Sunday, October 4, 2009


There are many different types of cooking oil commercially available today. Almost every one who cooks, cooks with oil. I used to do that too but now I don’t after learning how the application of heat actually changes the chemical composition of the oils and make them bad for our bodies.

All my recipes on this blog are using water in stir-fries and pan sears instead of oil and parchment paper in baking instead of butter or oil.

A quick scan on the internet and my neighborhood supermarket generated a list of 17 different commonly available types of oil. Oils can be extracted from seeds, nuts, fruits or vegetables. And all of them boost health benefits of either or both omega 3 and omega 6 essential fatty acids. That is only if they are eaten/used cold without any application of heat. As mentioned, the application of heat almost always destroys or at least reduces the nutritional value of most ingredients.

The table below summarizes the smoking point (i.e. the temperature at which the oils loses their health benefits and become dangerous trans-fatty acids that are toxic to our bodies) and type of fat of each of these 17 oils. The information is gathered from the above sources and the lowest publicly recorded smoking point is indicated below. Just want to be conservative whenever my health is concerned. :)

Types of oil          Smoking point          Type of fat
Almond                     420F / 216C                    Monounsaturated
Avocado                   520F / 271C                    Monounsaturated
Canola                       375F / 190C                    Monounsaturated
Coconut                    350F / 177C                    Saturated
Corn                           400F / 204C                    Polyunsaturated
Cottonseed              420F / 216C                    Polyunsaturated
Grapeseed                420F / 216C                      Polyunsaturated
Hazelnut                   325F / 163C                    Monounsaturated
Macadamia nut      390F / 199C                    Monounsaturated
Olive                           320F / 160C                    Monounsaturated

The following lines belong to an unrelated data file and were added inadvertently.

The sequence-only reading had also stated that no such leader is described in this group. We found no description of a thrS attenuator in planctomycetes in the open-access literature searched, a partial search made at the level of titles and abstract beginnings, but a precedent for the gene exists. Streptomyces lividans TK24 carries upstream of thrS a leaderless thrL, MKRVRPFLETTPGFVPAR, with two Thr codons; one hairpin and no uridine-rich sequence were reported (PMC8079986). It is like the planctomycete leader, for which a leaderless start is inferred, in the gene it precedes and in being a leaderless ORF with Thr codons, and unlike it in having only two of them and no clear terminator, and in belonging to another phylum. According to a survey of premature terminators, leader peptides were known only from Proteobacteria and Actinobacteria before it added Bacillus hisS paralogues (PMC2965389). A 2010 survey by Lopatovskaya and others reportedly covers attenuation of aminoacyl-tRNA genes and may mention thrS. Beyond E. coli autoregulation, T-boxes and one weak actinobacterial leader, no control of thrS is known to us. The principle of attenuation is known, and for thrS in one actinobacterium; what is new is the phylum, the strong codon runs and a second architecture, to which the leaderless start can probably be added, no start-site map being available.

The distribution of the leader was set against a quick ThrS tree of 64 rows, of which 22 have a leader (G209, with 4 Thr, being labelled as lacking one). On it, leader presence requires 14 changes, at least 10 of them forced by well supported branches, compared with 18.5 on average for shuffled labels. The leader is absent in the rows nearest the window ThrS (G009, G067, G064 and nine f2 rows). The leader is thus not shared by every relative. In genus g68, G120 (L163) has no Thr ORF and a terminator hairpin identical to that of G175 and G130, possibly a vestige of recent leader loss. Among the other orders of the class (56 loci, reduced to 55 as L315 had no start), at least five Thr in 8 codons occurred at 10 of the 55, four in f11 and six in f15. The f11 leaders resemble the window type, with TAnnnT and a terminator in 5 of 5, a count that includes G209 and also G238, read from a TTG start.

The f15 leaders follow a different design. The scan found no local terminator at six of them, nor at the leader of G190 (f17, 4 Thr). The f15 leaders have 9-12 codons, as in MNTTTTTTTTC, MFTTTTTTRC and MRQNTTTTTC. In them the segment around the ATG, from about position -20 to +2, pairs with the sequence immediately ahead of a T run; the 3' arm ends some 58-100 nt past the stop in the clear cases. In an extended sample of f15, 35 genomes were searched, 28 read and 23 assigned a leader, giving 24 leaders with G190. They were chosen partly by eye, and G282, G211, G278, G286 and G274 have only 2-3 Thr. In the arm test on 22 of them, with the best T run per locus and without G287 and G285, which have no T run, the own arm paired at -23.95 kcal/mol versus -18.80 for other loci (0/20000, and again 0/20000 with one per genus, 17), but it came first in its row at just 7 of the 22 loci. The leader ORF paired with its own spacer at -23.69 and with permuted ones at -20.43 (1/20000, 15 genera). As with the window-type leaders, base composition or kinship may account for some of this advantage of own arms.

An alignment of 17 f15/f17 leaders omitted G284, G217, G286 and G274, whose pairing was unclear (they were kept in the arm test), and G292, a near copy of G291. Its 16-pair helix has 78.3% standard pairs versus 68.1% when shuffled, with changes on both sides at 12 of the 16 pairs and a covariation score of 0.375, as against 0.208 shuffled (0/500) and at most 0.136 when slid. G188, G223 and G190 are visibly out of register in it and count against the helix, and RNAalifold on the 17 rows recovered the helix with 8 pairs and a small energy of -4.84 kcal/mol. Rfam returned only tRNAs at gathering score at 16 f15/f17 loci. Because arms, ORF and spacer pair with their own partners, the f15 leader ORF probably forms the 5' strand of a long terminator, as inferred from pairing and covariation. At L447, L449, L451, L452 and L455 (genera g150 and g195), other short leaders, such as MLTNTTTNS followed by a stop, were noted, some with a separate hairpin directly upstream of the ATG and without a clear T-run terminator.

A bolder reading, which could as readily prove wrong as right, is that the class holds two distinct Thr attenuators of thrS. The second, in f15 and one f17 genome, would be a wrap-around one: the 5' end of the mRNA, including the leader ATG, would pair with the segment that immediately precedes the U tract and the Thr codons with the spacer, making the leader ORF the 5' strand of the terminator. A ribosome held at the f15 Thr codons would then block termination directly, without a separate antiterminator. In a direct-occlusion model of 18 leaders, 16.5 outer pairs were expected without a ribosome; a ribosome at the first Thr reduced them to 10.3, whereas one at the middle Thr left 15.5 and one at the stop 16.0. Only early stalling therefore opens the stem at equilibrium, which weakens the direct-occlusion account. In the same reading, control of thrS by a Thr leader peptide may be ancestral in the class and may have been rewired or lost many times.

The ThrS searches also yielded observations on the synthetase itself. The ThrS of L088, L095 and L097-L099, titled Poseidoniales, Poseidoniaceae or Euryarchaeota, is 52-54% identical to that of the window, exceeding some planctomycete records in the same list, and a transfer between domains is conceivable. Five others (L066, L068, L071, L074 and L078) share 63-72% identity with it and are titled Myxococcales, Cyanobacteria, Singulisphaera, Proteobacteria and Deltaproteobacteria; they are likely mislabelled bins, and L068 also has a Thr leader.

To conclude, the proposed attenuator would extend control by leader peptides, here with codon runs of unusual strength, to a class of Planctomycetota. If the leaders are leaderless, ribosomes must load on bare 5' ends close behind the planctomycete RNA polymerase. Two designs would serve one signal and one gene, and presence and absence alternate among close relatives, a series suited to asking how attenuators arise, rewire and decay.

Palm                           446F / 230C                     Saturated
Peanut                       212F / 100C                     Monounsaturated
Safflower (refined)     450F / 232C                     Polyunsaturated
Sesame                      350F / 177C                    Polyunsaturated
Soybean                   450F / 232C                     Polyunsaturated
Sunflower                 212F / 100C                    Polyunsaturated
Walnut                      Use cold                             Monounsaturated

You can usually tell if you have exceeded the smoke point of the oil you are using. There will be a smoky smell and visible smoke coming out from your pan. But seriously, by then, it’s already too late. The decomposed oil has already released toxic flavors into your food. If you absolutely have to cook with oil, maybe it’s a good idea to invest in a little cooking thermometer to keep track of your smoke points.

For me, I rather use them as is and savor their natural flavor the best way possible.

Knowing your fats
Fats that are good for our body are essential for the repair and functioning, growth and development of our bodies. But not all fats are created equal. Some are good for you and some you should definitely avoid.

Saturated fats are fatty acids that raise blood cholesterol levels. They are not good for you. Sources of saturated fat to look out for include butter, margarine and fats in meat and dairy products.

Monounsaturated and polyunsaturated fats on the other hand, do not raise blood cholesterol levels. They are good for you because they can lower your bad cholesterol.

Sources of information:

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